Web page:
Who are the "Visitors" in the chapter "Solitude"

This question is about the chapter "Solitude"

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The visitors aren't named. Thoreau simply says they exist. It would seem that Thoreau lived close enough to town that they could walk to his cabin,

"I could always tell if visitors had called in my absence, either by the bended twigs or grass, or the print of their shoes, and generally of what sex or age or quality they were by some slight trace left, as a flower dropped, or a bunch of grass plucked and thrown away, even as far off as the railroad, half a mile distant, or by the lingering odor of a cigar or pipe. Nay, I was frequently notified of the passage of a traveller along the highway sixty rods off by the scent of his pipe. "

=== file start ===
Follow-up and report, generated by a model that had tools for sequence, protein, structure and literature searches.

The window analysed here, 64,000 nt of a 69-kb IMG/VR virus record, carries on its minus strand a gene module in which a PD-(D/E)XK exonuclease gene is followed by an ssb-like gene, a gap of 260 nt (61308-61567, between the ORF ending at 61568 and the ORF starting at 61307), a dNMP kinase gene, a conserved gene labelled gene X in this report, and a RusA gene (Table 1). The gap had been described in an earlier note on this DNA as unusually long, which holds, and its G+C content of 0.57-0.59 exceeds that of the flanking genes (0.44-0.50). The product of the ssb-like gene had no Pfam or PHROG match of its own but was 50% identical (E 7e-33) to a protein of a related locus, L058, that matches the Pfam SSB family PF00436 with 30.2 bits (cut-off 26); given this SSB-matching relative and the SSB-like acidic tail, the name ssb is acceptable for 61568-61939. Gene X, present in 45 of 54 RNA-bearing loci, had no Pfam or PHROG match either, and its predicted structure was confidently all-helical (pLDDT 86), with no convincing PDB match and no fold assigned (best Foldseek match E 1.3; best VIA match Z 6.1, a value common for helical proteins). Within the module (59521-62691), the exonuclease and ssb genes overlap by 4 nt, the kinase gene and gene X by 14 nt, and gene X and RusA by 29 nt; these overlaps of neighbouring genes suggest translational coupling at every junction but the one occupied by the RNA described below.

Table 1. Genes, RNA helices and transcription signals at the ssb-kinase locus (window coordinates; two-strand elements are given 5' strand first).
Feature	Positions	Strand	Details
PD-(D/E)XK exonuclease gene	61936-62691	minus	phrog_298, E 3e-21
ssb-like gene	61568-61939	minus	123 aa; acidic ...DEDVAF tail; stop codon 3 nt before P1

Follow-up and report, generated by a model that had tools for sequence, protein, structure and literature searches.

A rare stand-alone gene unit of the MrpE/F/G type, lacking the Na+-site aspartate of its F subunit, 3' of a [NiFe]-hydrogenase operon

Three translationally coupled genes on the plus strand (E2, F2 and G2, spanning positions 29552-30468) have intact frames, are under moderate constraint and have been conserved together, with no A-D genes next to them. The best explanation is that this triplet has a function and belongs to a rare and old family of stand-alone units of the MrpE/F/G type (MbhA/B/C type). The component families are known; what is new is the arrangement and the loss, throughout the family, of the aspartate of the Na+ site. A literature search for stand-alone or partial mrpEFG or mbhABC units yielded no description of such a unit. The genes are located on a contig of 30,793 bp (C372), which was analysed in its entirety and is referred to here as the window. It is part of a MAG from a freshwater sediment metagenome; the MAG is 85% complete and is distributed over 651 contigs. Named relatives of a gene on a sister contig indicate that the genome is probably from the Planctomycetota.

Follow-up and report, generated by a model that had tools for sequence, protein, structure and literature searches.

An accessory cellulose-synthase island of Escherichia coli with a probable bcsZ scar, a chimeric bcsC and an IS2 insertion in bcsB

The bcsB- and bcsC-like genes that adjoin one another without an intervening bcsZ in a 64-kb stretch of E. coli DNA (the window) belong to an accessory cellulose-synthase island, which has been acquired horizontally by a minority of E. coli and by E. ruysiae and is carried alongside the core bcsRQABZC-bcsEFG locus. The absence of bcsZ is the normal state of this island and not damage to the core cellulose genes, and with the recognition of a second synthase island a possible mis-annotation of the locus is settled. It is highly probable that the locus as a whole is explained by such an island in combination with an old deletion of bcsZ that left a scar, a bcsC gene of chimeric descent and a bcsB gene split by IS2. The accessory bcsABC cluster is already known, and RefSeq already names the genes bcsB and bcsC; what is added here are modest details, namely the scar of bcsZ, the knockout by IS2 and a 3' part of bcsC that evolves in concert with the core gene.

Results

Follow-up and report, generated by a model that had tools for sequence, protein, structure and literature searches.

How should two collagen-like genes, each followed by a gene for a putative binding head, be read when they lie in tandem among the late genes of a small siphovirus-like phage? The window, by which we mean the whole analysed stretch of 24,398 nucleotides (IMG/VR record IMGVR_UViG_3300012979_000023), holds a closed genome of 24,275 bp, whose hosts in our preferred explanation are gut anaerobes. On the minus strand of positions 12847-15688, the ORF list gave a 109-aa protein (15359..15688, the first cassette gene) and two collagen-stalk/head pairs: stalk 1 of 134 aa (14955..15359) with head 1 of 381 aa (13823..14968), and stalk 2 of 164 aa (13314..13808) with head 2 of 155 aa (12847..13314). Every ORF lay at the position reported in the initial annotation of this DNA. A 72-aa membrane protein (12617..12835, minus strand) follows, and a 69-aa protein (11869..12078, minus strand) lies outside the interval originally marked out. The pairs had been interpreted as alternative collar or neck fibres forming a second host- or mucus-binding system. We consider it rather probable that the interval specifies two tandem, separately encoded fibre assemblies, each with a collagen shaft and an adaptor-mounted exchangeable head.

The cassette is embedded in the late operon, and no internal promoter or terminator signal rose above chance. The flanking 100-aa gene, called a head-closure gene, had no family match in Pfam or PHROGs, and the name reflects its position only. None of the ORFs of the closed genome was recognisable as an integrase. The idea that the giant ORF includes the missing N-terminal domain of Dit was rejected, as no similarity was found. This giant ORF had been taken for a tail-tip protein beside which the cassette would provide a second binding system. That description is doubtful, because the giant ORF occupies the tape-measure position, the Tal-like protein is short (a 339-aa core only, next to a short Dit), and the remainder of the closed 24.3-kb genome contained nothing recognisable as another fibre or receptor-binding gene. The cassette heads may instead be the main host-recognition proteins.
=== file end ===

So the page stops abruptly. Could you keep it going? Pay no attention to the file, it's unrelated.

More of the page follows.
Suffice to say Theoreau includes visitors as part of his simple life. Hey they even come when he's not home!